On April 23rd (1944) the CO was ordered to HQ for 3rd Corps for verbal orders regarding internal security in Egypt.
The full story of political unrest in Egypt, and its military repercussions, both as regards the Egyptian army and the Allied war effort, will probably never be told, certainly there is no place for it in a regimental history, except to fill in a very broad background.
During the Second World War there was a strong, anti-Allied feeling amongst powerful Egyptian circles. Peace and security in Egypt, a vital base for communications and a bottle-neck for Far Eastern convoys, was never more important. In early 1944 Greek armed forces, Naval and Military, in the Middle East, mutinied on a considerable scale. This incident was seized upon by the Egyptian politicians as a chance for organising force against the comparatively small Allied forces in the Nile delta.
On Sunday, April 23rd (1944) a call came into RHQ at 2000 Hours, from Headquarters, ordering the immediate departure of a force, consisting of columns from 3rd Medium, 83rd Anti Tank and 1st Survey Regiments, organised into mobile columns for internal security in Egypt...
The main body left Gedera camp on Monday, April 24th.
Orders were received by Major Dalby to recce certain areas of road and railway as part of a large plan under which the 7 AGRA columns, on their way down, would fit into a defensive scheme with considerable bodies of troops rapidly concentrating in Egypt. The Air Force was also active. However, prompt action, organisation, law and order prevailed and the British Army won a bloodless victory. The Egyptian government climbed down, our reasonable requirements were met and Thomas Atkins (the British soldier) once again demonstrated that a smart and soldier-like answer to any problem dealing with eastern races, is the effective one.
At the end of the First World the British Empire was very powerful and their armies were quite capable of thinking up a smart and soldier-like answer to any unrest among the Arabs- or anybody else. By all the normal rules, the Moslems should have bowed down- at least for the time being- to overwhelming force and accepted the new ground rules- an independent Arab state living peacefully alongside the Jewish state in Palestine. History shows that they didn't do this. Why didn't they?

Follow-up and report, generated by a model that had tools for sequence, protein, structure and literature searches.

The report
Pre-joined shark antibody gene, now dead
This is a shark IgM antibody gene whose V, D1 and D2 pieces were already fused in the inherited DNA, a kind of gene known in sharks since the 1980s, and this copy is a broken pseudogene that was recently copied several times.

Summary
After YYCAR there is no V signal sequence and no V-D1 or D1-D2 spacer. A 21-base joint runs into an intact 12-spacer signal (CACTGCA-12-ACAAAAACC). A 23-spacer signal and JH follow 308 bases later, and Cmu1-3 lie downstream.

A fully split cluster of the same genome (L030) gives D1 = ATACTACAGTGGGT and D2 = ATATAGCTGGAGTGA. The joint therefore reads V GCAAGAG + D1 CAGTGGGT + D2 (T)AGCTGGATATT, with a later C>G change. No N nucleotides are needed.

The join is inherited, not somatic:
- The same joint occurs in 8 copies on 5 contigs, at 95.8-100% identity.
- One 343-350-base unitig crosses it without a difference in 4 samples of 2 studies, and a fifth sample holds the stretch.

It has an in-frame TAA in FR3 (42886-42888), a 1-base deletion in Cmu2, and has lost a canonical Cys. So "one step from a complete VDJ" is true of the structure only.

One reason was this: while His Majesty's Government did officially look with favour on the establishment in Palestine of a homeland for the Jewish people, some of those in the British colonial service, and who had served in Arab areas, not only showed a natural affection and bias for the Arabs whom they had administered (which would have been very human and natural) but they were openly anti-semitic and did all they could to thwart the idea of a Jewish homeland in the area. One even encouraged Haj Amin Al Husseini, the Mufti of Jerusalem, to organise riots to show the depths of Arab feeling on a Jewish state. When the Mufti did organise those riots, the cry went up, “The Government is with us! Don't be afraid!”
Some in the British administration showed treachery and- naturally- the Moslems took advantage of this. If those men had shown integrity and firmness, most of the local Moslems would have quietly gone along with the idea of the Jewish state- even if they had grumbled about it.
About two years ago I was with a large group of mainly British Christians, who toured the old internment camp at Atlit, not far from Haifa, the camp where the British interned the Jews, who had escaped the holocaust in Europe and had managed to enter Palestine “illegally”. We were also shown a film, just released, called “The Forsaken Promise”. For those of you, who would like more information on that film, there is a website you can visit. www.theforsakenpromise.org.uk That film changed my attitude completely. Up until I saw “The Forsaken Promise” I had always regretted the way that the British government had handled the whole situation but had always reasoned something like this:
In any country or empire, hard decisions have to be made. Most of those decisions, hopefully, will be the correct ones but some are likely to be wrong and those wrong decisions mean that people end up getting harmed and offended. The bigger the country or empire, the more decisions have to be made and the more decisions that are made, the more of them are likely to be wrong and the more people will be harmed and offended as a result.